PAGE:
Monday, 14 June 2021

Praying in Ordinary Time 2021:
16, the Duomo, Florence

The Duomo of Florence and the Palazzo Vecchio seen from the terraces of the Uffizi (Photograph: Patrick Comerford)

Patrick Comerford

During this time in the Church Calendar known as Ordinary Time, I am taking some time each morning to reflect in these ways:

1, photographs of a church or place of worship;

2, the day’s Gospel reading;

3, a prayer from the prayer diary of the Anglican mission agency USPG (United Society Partners in the Gospel).

This week my photographs are of seven cathedrals in Italy. This morning (14 June 2021), my photographs are of the Duomo or Cathedral of Santa Maria del Fiore in Florence.

With its Duomo and baptistry, palazzi and basilicas, the Uffizi and the Ponte Vecchio, Florence was ‘the engine room of the Renaissance’ (Photograph: Patrick Comerford)

I have visited Florence, the city of architectural beauty and Renaissance grandeur, on a number of occasions. With its Duomo and baptistry, palazzi and basilicas, the Uffizi and the Ponte Vecchio, it outdid its rivals and its richest citizens sought to outdo one another. This was ‘the engine room of the Renaissance.’

The cathedral complex in the Piazza del Duomo includes the Duomo, the Baptistry and Giotto’s Campanile. The dome of the Duomo is the city’s iconic landmark and stands, alongside the Leaning Tower of Pisa and the Coliseum in Rome as Italy’s three most photographed sites.

Work on building the Duomo or Cattedrale di Santa Maria del Fiore (Cathedral of Saint Mary of the Flower) began in 1296. It was designed in a Gothic style by Arnolfo di Cambio and was completed by 1436 with the dome by Filippo Brunelleschi.

The exterior walls of the Duomo are faced in alternate vertical and horizontal bands of polychrome marble from Carrara (white), Prato (green), Siena (red), Lavenza and other places. The original façade, designed by Arnolfo di Cambio but usually attributed to Giotto, was begun 20 years after Giotto’s death.

The great brick dome of the Duomo is the city’s iconic landmark and stands alongside the Leaning Tower of Pisa and the Coliseum in Rome as one of Italy’s three most photographed sites. The dome, built in 1436 by Filippo Brunelleschi, is comprised of two domes – an outer and inner shell bound together with rings of sandstone.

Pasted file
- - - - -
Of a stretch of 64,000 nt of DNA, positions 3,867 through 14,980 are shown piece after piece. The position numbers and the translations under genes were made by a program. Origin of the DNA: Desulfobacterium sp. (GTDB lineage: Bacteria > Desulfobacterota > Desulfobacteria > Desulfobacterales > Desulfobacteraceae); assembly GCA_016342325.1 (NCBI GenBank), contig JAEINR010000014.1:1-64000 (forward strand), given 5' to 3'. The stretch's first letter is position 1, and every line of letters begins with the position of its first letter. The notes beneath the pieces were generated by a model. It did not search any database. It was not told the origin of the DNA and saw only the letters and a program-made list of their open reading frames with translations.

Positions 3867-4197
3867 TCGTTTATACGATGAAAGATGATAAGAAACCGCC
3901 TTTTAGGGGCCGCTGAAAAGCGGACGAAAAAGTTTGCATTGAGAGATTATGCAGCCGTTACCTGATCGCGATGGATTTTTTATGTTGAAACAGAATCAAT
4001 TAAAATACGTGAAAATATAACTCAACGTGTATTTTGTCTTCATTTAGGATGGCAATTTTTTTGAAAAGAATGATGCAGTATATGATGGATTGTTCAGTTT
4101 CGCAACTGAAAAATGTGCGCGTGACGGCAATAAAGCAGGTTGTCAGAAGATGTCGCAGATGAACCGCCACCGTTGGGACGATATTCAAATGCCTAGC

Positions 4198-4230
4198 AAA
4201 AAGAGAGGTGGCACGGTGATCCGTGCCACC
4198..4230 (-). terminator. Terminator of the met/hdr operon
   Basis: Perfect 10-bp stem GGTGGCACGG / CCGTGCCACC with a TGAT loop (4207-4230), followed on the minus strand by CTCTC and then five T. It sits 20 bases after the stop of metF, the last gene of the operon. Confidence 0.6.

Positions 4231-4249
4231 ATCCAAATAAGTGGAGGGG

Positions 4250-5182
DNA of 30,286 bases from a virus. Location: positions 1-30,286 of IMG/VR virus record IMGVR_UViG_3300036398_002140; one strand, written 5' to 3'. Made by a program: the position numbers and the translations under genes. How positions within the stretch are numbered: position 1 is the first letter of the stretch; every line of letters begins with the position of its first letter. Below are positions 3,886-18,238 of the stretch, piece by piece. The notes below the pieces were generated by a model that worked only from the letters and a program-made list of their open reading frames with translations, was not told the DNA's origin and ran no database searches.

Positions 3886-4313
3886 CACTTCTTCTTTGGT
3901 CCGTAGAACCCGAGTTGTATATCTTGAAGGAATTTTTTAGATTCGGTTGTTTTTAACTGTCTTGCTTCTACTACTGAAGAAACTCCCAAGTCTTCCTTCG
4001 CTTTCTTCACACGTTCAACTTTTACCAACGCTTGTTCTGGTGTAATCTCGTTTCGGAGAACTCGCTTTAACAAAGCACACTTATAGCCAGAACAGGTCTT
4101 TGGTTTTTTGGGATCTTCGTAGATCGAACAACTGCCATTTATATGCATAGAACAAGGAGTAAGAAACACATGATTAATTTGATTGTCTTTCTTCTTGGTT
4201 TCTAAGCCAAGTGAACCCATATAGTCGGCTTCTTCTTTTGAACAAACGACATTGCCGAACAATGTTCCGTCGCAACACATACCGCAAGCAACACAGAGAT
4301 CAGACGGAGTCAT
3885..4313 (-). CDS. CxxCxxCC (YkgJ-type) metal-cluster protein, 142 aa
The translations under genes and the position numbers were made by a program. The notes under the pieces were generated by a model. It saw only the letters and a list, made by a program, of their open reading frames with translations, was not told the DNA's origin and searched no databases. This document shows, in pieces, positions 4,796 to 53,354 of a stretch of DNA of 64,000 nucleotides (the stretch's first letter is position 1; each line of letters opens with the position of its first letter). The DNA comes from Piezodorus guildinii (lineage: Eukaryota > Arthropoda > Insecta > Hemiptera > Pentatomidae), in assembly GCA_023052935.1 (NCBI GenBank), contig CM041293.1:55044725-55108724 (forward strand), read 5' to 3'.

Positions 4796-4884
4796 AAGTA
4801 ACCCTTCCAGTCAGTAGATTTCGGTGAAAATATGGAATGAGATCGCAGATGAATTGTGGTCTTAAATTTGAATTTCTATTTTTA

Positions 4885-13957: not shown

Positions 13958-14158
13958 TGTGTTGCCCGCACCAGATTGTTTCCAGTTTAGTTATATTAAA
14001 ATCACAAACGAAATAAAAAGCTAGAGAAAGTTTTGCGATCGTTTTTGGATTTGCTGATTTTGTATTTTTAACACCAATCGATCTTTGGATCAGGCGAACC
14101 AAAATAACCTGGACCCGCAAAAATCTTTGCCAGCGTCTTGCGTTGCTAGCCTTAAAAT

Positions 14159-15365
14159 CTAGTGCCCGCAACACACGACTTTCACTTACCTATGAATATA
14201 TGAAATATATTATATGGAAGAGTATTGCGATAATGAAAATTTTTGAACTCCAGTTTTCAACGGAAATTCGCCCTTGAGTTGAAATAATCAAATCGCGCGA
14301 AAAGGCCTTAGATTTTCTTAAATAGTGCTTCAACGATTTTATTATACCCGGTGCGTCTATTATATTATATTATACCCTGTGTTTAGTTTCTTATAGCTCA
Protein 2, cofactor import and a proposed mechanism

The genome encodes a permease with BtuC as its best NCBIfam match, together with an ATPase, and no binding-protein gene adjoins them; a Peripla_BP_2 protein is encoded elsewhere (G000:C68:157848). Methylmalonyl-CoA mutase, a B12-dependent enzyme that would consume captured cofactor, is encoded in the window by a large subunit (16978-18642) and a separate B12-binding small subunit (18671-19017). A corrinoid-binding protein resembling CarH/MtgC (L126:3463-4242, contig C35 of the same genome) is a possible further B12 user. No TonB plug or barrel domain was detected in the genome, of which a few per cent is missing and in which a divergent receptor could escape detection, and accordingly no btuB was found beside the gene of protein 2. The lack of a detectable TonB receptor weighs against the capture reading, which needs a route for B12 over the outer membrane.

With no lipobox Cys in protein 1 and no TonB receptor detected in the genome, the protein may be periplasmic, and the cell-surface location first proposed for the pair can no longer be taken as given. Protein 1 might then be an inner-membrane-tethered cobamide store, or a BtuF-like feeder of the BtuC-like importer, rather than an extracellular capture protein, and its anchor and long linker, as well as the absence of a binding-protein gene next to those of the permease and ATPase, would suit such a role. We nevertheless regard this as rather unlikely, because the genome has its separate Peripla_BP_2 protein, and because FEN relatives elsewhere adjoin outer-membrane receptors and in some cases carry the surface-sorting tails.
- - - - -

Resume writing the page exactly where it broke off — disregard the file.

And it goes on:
This also the city of Michelangelo, who had a fraught relationship with the Medici family and designed the Medici mausoleum in the Basilica di San Lorenzo. Michelangelo fell from favour when he supported a rebellion against his own masters.

The octagonal, 11th century Baptistry of Saint the Baptist stands across the square in Piazza di San Giovanni. It is older than the cathedral and was built between 1059 and 1128. It has the status of a minor basilica in its own right.

The Baptistry is renowned for its three sets of bronze doors with relief sculptures. The south doors were created by Andrea Pisano and the north and east doors by Lorenzo Ghiberti. Michelangelo named the east doors the ‘Gates of Paradise.’ Dante and other Renaissance figures, including members of the Medici family, were baptised in the Baptistry.

The original façade, designed by Arnolfo di Cambio but usually attributed to Giotto, was begun 20 years after Giotto’s death (Photograph: Patrick Comerford)

Matthew 5: 38-42 (NRSVA):

[Jesus said:] 38 ‘You have heard that it was said, “An eye for an eye and a tooth for a tooth.” 39 But I say to you, Do not resist an evildoer. But if anyone strikes you on the right cheek, turn the other also; 40 and if anyone wants to sue you and take your coat, give your cloak as well; 41 and if anyone forces you to go one mile, go also the second mile. 42 Give to everyone who begs from you, and do not refuse anyone who wants to borrow from you.’

The octagonal, 11th century Baptistry of Saint the Baptist (Photograph: Patrick Comerford)

Prayer in the USPG Prayer Diary:

The Prayer in the USPG Prayer Diary today (14 June 2021) invites us to pray:

Let us pray for the people of Kenya and Ethiopia, whose land is particularly vulnerable to desertification and drought. May we work to improve this situation, becoming more aware of the links between our overconsumption and climate change.

Yesterday’s reflection

Continued tomorrow

The Duomo and the Baptistry of Saint the Baptist … Michelangelo named the east doors of the Baptistry the ‘Gates of Paradise’ (Photograph: Patrick Comerford)

Scripture quotations are from the New Revised Standard Version Bible: Anglicised Edition copyright © 1989, 1995, National Council of the Churches of Christ in the United States of America. Used by permission. All rights reserved worldwide. http://nrsvbibles.org

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